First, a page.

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City centre retail continues to struggle as office blocks remain empty

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As office blocks remain closed, city centre retail has continued to struggle with lack of footfall.

UK footfall decreased by 34.8% in August, with only a 7.3 percentage point improvement from July.

This remains below the longer-term 12-month average decline of 27.6%.

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Footfall on high streets declined by 41.7% year on year making it the worst performing location in August, falling below shopping centres for the first time since April 2018.

This comes as retail parks saw footfall decrease by 11.1% year on year. Wider open spaces, a higher proportion of supermarkets and larger stores quicker to reopen helped to shelter retail parks from a steeper decline.

Looking at shopping centres specifically, footfall declined by 37.4% year on year. This was over 10 percentage points shallower than in July, but remained below its 12-month average decline of 32.2%.

Northern Ireland saw the shallowest shopping centre footfall decline of all regions, with -13.2%. Wales saw a shallower rate of decline than the UK average with -32.4% but Scotland was some way behind with -42.8%.

 Commenting on the figures, Helen Dickinson, chief executive of the BRC, said: “Footfall remained well below normal levels in August.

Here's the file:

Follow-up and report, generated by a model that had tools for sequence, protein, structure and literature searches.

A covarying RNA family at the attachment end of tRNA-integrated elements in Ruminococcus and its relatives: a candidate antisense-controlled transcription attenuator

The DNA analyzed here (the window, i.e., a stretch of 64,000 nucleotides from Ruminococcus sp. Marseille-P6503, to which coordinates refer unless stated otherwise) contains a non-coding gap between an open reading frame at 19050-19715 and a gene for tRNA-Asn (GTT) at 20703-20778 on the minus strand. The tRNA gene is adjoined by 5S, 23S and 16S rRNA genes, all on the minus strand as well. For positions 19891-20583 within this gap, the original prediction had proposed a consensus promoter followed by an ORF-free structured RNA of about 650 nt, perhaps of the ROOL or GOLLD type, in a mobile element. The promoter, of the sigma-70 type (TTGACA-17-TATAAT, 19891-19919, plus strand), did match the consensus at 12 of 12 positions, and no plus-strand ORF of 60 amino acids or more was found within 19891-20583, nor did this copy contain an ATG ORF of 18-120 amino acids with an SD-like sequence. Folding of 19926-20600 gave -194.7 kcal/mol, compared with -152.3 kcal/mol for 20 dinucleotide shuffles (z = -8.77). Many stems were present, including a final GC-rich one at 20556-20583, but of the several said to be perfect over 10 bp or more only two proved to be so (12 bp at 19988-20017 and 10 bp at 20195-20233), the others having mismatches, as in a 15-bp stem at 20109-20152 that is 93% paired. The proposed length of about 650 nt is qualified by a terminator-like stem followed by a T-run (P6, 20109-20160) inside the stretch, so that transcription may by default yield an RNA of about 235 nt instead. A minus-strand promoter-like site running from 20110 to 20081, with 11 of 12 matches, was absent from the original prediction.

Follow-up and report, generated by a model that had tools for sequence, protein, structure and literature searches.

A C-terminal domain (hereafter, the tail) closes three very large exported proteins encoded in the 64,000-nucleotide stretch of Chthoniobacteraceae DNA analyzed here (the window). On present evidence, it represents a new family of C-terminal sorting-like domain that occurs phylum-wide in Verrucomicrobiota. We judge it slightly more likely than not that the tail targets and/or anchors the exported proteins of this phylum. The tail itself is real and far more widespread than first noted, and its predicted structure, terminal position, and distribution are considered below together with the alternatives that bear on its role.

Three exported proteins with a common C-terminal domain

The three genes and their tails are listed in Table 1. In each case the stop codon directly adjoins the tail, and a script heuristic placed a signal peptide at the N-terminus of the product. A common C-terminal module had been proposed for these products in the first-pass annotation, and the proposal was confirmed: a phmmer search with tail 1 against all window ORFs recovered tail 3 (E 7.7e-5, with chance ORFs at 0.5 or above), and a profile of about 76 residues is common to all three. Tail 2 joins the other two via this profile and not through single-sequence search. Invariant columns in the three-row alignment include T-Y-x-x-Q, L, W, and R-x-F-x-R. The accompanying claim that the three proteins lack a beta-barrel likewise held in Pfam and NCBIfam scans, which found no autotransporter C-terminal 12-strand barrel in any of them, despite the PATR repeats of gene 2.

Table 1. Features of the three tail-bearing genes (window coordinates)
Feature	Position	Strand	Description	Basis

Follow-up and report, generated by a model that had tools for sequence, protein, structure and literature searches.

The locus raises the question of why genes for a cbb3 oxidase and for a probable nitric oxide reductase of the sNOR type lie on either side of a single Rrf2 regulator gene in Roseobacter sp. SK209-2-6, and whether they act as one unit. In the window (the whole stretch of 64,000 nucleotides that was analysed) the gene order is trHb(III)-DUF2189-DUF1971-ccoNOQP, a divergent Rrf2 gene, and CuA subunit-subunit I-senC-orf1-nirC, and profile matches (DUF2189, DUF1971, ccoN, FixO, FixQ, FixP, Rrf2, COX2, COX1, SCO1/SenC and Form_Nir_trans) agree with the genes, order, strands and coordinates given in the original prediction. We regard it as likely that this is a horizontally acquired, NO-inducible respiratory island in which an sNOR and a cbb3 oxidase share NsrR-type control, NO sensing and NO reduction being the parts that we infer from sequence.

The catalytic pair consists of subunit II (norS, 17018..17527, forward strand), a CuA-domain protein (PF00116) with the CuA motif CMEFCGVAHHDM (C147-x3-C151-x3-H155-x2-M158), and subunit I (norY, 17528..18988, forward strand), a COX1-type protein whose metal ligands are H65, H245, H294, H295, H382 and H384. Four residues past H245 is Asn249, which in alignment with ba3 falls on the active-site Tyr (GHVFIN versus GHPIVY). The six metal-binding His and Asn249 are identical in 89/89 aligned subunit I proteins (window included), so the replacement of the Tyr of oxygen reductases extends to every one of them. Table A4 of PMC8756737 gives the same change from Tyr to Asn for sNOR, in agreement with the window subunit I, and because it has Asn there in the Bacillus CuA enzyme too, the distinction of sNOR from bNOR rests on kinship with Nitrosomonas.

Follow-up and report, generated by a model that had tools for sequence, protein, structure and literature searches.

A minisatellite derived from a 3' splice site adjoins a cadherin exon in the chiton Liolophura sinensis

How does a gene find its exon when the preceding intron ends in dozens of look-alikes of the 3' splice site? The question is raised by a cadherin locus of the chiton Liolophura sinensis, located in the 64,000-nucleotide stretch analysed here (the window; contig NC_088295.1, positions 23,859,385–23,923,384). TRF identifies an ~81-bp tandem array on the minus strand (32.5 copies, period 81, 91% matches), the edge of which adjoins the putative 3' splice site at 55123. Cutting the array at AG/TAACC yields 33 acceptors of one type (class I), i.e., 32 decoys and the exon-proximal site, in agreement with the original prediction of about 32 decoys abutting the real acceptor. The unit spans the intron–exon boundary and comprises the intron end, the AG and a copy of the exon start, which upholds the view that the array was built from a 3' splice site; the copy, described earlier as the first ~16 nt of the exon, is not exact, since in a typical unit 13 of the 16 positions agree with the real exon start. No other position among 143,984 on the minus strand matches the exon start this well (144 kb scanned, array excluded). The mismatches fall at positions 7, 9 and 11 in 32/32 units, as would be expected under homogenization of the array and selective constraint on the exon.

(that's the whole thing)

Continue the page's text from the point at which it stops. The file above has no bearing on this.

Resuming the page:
“In-store discounting and demand for school wear helped lure some customers back to the shops, but with many office blocks still empty and much of the public avoiding public transport, footfall is not returning to towns and city centres and this is having a devastating effect on the local economies in these areas.”

Adding: “While many businesses have been investing in making workplaces safer, we are unlikely to see significant growth in footfall while government advice remains to ‘work from home if you can.’ Unless this changes, more should be done to encourage people to travel and reassure them that public transport is safe.

“Government should also recognise that, while footfall is so low, many businesses will not be able to manage their fixed costs – rent & business rates in particular – and unnecessary job losses and store closures will follow.”

Tags : retail
Alex Douglas

The author Alex Douglas

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